Your proclivity to acquire this set will probably have as much to do with your desire to own every note Grumiaux ever recorded if you already have most of the studio versions, especially since we are dealing here with monophonic radio sound of varying quality (rather dry in the Turin broadcasts, somewhat roomier and warmer in the German airchecks), particularly since this set is selling for the somewhat hefty price of $52 on Amazon. However, I can attest that Andromeda did a whale of a job cleaning up the sound so that everything sounds clear without the least bit of distortion, particularly in the sound of the string sections of each orchestra, and there is no question that Grumiaux is interesting to hear from start to finish.

FANFARE: Lynn René Bayley
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Works on This Recording

Concerto for Violin no 1 in B flat major, K 207 by Wolfgang Amadeus Mozart
Performer:  Arthur Grumiaux (Violin)
Conductor:  Frieder Weissmann
Period: Classical 
Written: 1775; Salzburg, Austria 
Date of Recording: 02/02/1962 
Venue:  Torino 
Length: 18 Minutes 11 Secs. 
Concerto for Violin no 3 in G major, K 216 by Wolfgang Amadeus Mozart
Performer:  Arthur Grumiaux (Violin)
Conductor:  Lorin Maazel
Period: Classical 
Written: 1775; Salzburg, Austria 
Date of Recording: 05/09/1958 
Venue:  Köln 
Length: 21 Minutes 17 Secs. 
Concerto for Violin no 4 in D major, K 218 by Wolfgang Amadeus Mozart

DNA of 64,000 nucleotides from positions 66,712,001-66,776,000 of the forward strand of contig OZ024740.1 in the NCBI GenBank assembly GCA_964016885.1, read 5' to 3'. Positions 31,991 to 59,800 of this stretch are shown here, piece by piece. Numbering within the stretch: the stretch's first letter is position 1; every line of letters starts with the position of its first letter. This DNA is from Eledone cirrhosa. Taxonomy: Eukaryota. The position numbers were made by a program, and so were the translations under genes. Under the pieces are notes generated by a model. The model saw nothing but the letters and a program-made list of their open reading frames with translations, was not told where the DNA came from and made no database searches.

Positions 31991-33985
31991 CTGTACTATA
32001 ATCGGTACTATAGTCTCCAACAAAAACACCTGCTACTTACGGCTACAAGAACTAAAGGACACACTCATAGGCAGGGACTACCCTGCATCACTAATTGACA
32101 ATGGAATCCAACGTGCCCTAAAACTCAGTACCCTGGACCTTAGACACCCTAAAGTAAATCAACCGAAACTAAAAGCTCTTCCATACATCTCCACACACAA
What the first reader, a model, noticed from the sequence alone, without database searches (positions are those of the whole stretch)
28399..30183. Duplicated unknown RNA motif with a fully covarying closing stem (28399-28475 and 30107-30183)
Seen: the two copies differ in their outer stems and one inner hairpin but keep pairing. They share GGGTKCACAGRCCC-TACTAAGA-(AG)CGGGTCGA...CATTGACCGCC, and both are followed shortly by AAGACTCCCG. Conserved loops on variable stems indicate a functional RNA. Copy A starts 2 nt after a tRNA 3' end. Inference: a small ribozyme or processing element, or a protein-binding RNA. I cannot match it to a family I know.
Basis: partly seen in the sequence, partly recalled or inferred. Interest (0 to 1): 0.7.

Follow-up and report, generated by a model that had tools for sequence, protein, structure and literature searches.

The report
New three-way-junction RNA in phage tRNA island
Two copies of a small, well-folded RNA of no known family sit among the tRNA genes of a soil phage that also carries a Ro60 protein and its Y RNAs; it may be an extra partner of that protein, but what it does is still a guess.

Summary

Performer:  Arthur Grumiaux (Violin)
Conductor:  Hans Müller-Kray
Period: Classical 
Written: 1775; Salzburg, Austria 
Date of Recording: 11/16/1951 
Venue:  Mühlacker 
Length: 21 Minutes 28 Secs. 
Concerto for Violin no 5 in A major, K 219 "Turkish" by Wolfgang Amadeus Mozart
Performer:  Arthur Grumiaux (Violin)
Conductor:  Bernhard Paumgartner
Written: 1775 
Date of Recording: 08/05/1956 
Venue:  Salzburg 
Length: 27 Minutes 39 Secs. 
Sonata for Violin and Piano in A major, D 574/Op. 162 by Franz Schubert
Performer:  Riccardo Castagnone (Piano), Arthur Grumiaux (Violin)
Period: Romantic 
Written: 1817; Vienna, Austria 
Date of Recording: 01/17/1957 
Venue:  Torino 
Length: 17 Minutes 19 Secs. 
Concerto for Violin in E minor, Op. 64 by Felix Mendelssohn
Performer:  Arthur Grumiaux (Violin)
Conductor:  Carlo Maria Giulini
Period: Romantic 
Written: 1844; Germany 
Date of Recording: 1960 
Venue:  Frankurt 
Length: 26 Minutes 5 Secs. 
Sonata for Violin and Piano in A major, M 8 by César Franck
Performer:  Hans Altmann (Piano), Arthur Grumiaux (Violin)
Period: Romantic 
Written: 1886; France 
Date of Recording: 1951 
Venue:  München 
Length: 25 Minutes 2 Secs. 
Concerto for Violin in D major, Op. 77 by Johannes Brahms
Performer:  Arthur Grumiaux (Violin)
Conductor:  Ernest Ansermet
Period: Romantic 
Written: 1878; Austria 
Date of Recording: 01/27/1960 
Venue:  Genčve 
Length: 36 Minutes 26 Secs. 
Počme for Violin and Orchestra in E flat major, Op. 25 by Ernest Chausson
Performer:  Arthur Grumiaux (Violin)
Conductor:  Frieder Weissmann
Period: Romantic 
Written: 1896; France 
Date of Recording: 02/02/1962 
Venue:  Torino 
Length: 15 Minutes 20 Secs. 
Sonata for Violin and Cello by Maurice Ravel
Performer:  Hermann von Beckerath (Cello), Arthur Grumiaux (Violin)
Period: 20th Century 
Written: 1920-1922; France 
Date of Recording: 10/08/1953 
Venue:  Frankfurt 
Length: 19 Minutes 26 Secs. 
Tzigane for Violin and Piano by Maurice Ravel
Performer:  Arthur Grumiaux (Violin)
Conductor:  Frieder Weissmann
Period: 20th Century 
Written: 1924; France 
Date of Recording: 02/02/1962 
Venue:  Torino 
Length: 9 Minutes 59 Secs. 
Concerto for Violin in D major by Igor Stravinsky
Performer:  Arthur Grumiaux (Violin)
Conductor:  Ernest Bour
Period: 20th Century 
Written: 1931; France 
Date of Recording: 06/1961 
Venue:  München 
Length: 20 Minutes 2 Secs. 
Sonatas (6) for Violin solo, Op. 27: no 3 in D minor "Ballade" by Eugčne Ysa˙e
Performer:  Arthur Grumiaux (Violin)
Period: Romantic 
Written: by 1924; Belgium 
Date of Recording: 1954 
Venue:  München 
Length: 5 Minutes 41 Secs.